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Chinese Dwarf Hamsters

What you should know about Chinese Dwarf Hamsters

In the small pet world, there can be great confusion as to what is and what is not actually miniature; Chinese Dwarf hamsters, for example, are not considered within the distinction of “dwarf” at all.

About hamsters

For people who prefer a small pet, a hamster may prove to be a good choice.  They are of the rodent family, but unlike the abhorrence and fear that many have for wild mice and rates, hamsters are considered by those same individuals as being furry and adorable.  Most hamsters are gentle and inquisitive little creatures, and watching their antics as they play, eat and dart around their habitats can actually be stress relieving for the owners.  They are nocturnal, meaning that they are most active at night.  They are relatively inexpensive to care for, and maintenance of the hamster consists of keeping their habitat clean and providing them with food and water.

See Related: Types Of Hamsters

Types of hamsters

Differing information exists about how many different species of hamsters there are, but it may be safe to say that the number ranges between 15 and 25.  Not all of these are suitable as pets, however.  Five species of the furry rodent stand out as the most commonly kept pet hamsters:  the Syrian, the Campbell’s, the Winter White, the Roborovski and the Chinese.  Dwarf hamsters include the Campbell’s and the Winter White, each averaging approximately 4 inches in length.  The Roborovski and the Chinese hamsters, while they do grow to be around 4 or 5 inches long, are not considered in the dwarf category.  The Chinese species is actually quite a deviation from the common knowledge most people have of hamsters.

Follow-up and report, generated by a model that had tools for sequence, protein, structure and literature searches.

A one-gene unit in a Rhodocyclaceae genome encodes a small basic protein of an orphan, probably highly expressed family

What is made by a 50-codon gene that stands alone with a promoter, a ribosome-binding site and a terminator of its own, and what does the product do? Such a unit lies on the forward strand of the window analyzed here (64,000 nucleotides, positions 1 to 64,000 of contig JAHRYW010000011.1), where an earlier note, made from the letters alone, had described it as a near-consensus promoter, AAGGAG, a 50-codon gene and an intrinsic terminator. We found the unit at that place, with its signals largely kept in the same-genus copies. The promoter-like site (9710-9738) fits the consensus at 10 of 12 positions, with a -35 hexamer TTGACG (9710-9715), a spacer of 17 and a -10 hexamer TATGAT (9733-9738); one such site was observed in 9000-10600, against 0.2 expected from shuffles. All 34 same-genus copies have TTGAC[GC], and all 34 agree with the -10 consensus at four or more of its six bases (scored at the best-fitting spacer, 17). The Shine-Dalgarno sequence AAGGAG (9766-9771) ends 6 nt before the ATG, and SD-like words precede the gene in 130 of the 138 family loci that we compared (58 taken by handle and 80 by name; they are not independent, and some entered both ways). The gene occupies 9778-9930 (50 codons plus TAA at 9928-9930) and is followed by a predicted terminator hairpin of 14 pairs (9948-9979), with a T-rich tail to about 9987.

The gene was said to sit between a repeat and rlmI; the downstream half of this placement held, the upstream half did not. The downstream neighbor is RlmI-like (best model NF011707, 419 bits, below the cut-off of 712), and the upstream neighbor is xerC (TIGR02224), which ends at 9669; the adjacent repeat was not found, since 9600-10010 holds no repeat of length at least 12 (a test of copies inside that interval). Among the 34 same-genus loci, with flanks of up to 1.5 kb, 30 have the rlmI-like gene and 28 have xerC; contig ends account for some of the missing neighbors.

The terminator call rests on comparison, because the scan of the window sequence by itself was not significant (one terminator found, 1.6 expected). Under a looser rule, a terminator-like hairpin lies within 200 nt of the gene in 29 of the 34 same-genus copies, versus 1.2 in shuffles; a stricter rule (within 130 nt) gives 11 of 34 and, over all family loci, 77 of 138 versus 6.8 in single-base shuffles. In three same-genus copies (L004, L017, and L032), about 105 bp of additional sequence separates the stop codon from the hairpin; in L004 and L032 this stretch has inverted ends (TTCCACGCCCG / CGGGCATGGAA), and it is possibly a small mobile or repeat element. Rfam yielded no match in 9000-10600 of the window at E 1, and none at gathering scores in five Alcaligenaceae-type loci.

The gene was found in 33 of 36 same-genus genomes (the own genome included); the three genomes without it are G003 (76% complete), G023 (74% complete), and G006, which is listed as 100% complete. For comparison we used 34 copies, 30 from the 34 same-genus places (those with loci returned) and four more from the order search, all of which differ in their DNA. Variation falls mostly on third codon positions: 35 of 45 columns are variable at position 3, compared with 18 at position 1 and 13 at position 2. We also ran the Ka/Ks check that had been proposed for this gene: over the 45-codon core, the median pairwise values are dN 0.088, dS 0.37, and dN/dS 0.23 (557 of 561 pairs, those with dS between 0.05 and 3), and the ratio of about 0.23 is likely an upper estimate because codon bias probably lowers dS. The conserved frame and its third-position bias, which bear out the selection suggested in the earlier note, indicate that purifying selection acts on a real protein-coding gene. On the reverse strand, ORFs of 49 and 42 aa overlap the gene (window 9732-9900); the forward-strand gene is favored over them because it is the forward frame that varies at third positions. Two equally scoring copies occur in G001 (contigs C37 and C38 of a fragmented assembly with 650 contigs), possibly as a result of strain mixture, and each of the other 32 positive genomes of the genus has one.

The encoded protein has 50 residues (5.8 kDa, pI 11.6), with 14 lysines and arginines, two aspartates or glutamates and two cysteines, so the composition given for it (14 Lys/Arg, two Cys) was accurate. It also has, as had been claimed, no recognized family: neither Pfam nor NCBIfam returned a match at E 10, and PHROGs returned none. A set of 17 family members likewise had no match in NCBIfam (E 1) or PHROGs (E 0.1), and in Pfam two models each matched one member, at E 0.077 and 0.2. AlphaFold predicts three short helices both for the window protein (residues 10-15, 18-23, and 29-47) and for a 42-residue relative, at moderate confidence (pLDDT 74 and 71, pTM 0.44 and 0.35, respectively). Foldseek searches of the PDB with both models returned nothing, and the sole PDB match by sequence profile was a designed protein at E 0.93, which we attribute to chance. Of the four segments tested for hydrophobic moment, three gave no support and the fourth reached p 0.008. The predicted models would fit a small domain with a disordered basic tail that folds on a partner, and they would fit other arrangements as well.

The Chinese hamster

As noted, although it is often advertised as a dwarf hamster, the Chinese is not considered within this class.  Rather, it is categorized as a “rat-like” hamster due to its longer tail and its slinky body style.

People generally believe the hamsters breed like rabbits; producing exponential numbers of young that become quite a handful for pet owners.  While this analogy may be true in some cases, the Chinese is one of the exceptions.   In fact, some people consider this species to be rare due to the fact that they do not breed well in captivity.  Definitely not among the most common type of pet store hamster, the Chinese may prove to be difficult to locate if one is desired as a pet.

Another exception to the rule is in the fact that the Chinese hamster enjoys the company of another Chinese.  Two females often do better together than a mated pair, mainly because females are dominant in the species and the male is frequently injured or even killed by his female mate.  Because they do well in pairs, it is wise to consider this fact when planning the habitat that will be needed.  More roominess within the cage is needed to provide plenty of hiding space for the pair, giving the less dominant hamster a place to scurry to when the dominant female tries to overpower.

One difference should be noted about the Chinese hamster; they are not the ideal pet for the young.  They display more aggressive behavior and will resist taming efforts.  In addition, they startle easily, and the quick movements of children may result in a very skittish hamster.  The hamsters are very agile and adept climbers that will not hesitate to attempt escape from their cages.

While these differences mark the Chinese Dwarf hamsters from the other species, there are also numerous similarities.  They eat the same pellets, seeds, vegetables and fruits the other types do, and need fresh water.  Providing several types of toys will keep these busy bodies entertained during their 2 to 3 year life span as a pet.

Although the Chinese hamster is not actually in the dwarf class, the diminutive size of the creature as well as its amusing antics will delight those in search of a small pet.

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